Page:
tna co-founder talks cashflow, acquisitions & fighting patent litigation, as firm celebrates 33 years as ‘Australian icon’

By Jenny Eagle contact

- Last updated on GMT

Husband and wife team, Nadia and Alf Taylor, co-founders tna
Husband and wife team, Nadia and Alf Taylor, co-founders tna
tna celebrates its 33rd anniversary this year and was recently recognised as an ‘Australian icon’ in the EY Entrepreneur of the Year Award for Eastern Australia, for its innovation in the food industry.

Entrepreneurs from more than 145 cities in over 60 countries took part in the scheme with more than 100 entrepreneurs competing in five regional programmes around Australia.

Florigo acquisition, the Netherlands

Thanks to its recognition, the company now qualifies for entry into the national Australia award next month. The national winner will represent the country and compete in the EY World Entrepreneur of the Year awards in Monte Carlo in June 2016.

Nadia Taylor, co-founder/director, tna told FoodProductionDaily she is aged 62 now and has no plans to retire.

I don’t think I will ever retire. I have a lot of contact with many of our customers all over the world. I’d like to continue that because I love meeting the people we do business with, getting to know them and build up that trust between one another​,” she said.

Talking about setting up the business in 1982 and how it has grown since then, acquiring five companies in the last four-and-a-half years, the most recent being Florigo, in Woerden, The Netherlands,  where they launched one the world’s largest fryers for French fries​ this month, Taylor said: “It’s amazing what we have achieved with the help of our team.”

The biggest change within the industry over those 33 years has been speed of equipment, also the performance of the equipment has changed dramatically, we had a fair bit to do with that, with the vertical form fillers and seal baggers. Now we just have the one major competitor which is Ishida​.

Did I ever imagine it would grow like this? I said I wanted to build a dynasty and I guess we are almost there with five factories worldwide, 28 offices and we now employ 350 peopl​e.

It’s a real dream that has come true. So many people were negative about what we could achieve when we first started the business. They said we were crazy and it wouldn’t succeed. They said you cannot package chips at 80 bags per minute, because they are light and float. It’s just as well we didn’t take their comments on board​.”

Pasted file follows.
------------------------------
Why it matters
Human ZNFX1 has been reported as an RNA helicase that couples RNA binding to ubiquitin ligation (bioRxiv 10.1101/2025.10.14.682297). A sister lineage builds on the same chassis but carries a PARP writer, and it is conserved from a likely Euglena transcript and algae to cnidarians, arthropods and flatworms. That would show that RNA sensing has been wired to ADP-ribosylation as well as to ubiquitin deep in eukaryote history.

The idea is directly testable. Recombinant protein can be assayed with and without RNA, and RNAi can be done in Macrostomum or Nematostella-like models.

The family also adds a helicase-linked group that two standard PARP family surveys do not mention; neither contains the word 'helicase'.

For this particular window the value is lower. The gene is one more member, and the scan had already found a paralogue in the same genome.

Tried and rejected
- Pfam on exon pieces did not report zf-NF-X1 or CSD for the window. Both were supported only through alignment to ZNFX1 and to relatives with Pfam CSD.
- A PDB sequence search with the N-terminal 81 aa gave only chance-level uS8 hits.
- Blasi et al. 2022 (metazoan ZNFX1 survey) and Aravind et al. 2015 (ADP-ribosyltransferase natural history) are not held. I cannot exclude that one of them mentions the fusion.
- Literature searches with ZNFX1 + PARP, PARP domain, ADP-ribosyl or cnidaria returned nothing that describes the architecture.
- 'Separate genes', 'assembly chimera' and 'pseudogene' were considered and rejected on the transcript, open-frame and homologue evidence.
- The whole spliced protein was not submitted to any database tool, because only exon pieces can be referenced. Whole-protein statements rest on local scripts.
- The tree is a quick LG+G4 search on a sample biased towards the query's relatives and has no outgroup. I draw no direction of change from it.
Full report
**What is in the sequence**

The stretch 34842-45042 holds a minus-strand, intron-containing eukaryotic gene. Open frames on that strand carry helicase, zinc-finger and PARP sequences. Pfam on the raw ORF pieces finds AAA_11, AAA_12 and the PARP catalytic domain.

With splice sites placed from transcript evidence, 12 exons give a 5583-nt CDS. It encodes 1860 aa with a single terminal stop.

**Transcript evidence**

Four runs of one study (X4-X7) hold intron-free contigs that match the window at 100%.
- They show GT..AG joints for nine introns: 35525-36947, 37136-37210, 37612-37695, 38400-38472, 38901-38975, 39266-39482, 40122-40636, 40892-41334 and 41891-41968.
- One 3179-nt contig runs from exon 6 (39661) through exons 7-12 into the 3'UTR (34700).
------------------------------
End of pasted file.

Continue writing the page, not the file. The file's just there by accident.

Fighting patent litigation

According to Taylor, the biggest challenges the company faced was cashflow at the beginning followed by patent litigation.

As you know, one court case got to the House of Lords​. It was an important case to win for us because it was against Ishida. That was unbelievable when we won that, we won the appeal and they took it to the House of Lords​,” she added.

Another challenge in itself is growing a company through acquisitions and trying to organise several branches in different countries.

We would not take up a new product unless we believe we can improve the innovation of it like the Robag - that was revolutionary. We don’t want to buy a company ‘to reinvent the wheel’ we’re better off acquiring companies that complement our total line. We foresee more acquisitions in the future and we are coming up with our own innovations. The next one will be a big thing, to be announced next year.​”

Talking about the firm’s geographical reach, Taylor said America is a huge market and it wants to expand there and open an office in Russia.


tna acquisitions

  • March 2011: Arcall supplier seasoning & cutting systems
  • June 2012: Cadalec Controls electrical control systems
  • May 2014: FOODesign food processing systems
  • March 2015: Florigo French fry processing and vacuum frying and Ferguson (freezing & drying) - part of Florigo

Not resting on her laurels, the busy mother-of-four (including two step children), still calls Sydney home and travels at least once a month to various destinations via economy class. Her next trip will be to Dubai in the Middle East.

I was cautious at first about being a female entrepreneur when we started selling in the Middle East. But it has proven to be a positive experience and our clients cannot do enough for me​,” she said.

It’s interesting to see the diverse flavours of snacks across the world. If you travel to Latin America or Mexico you find unusual flavours of chips there; lemon, chili, or where one of the products has a unique strong flavour in a pack like playing Roulette. It’s not up to us it’s up to the manufacturer, we sell the equipment and our customer decides what product they want to package​.

I’m interested in the PR side of the business, marketing, administration, customer relationships, new acquisitions, but technically I’m not an engineer. I speak four languages when I’m travelling, English, Italian, French, Arabic and I understand Spanish and Maltese, it helps when you’re visiting customers because they appreciate the effort in understand their culture and speaking the same languag​e.”

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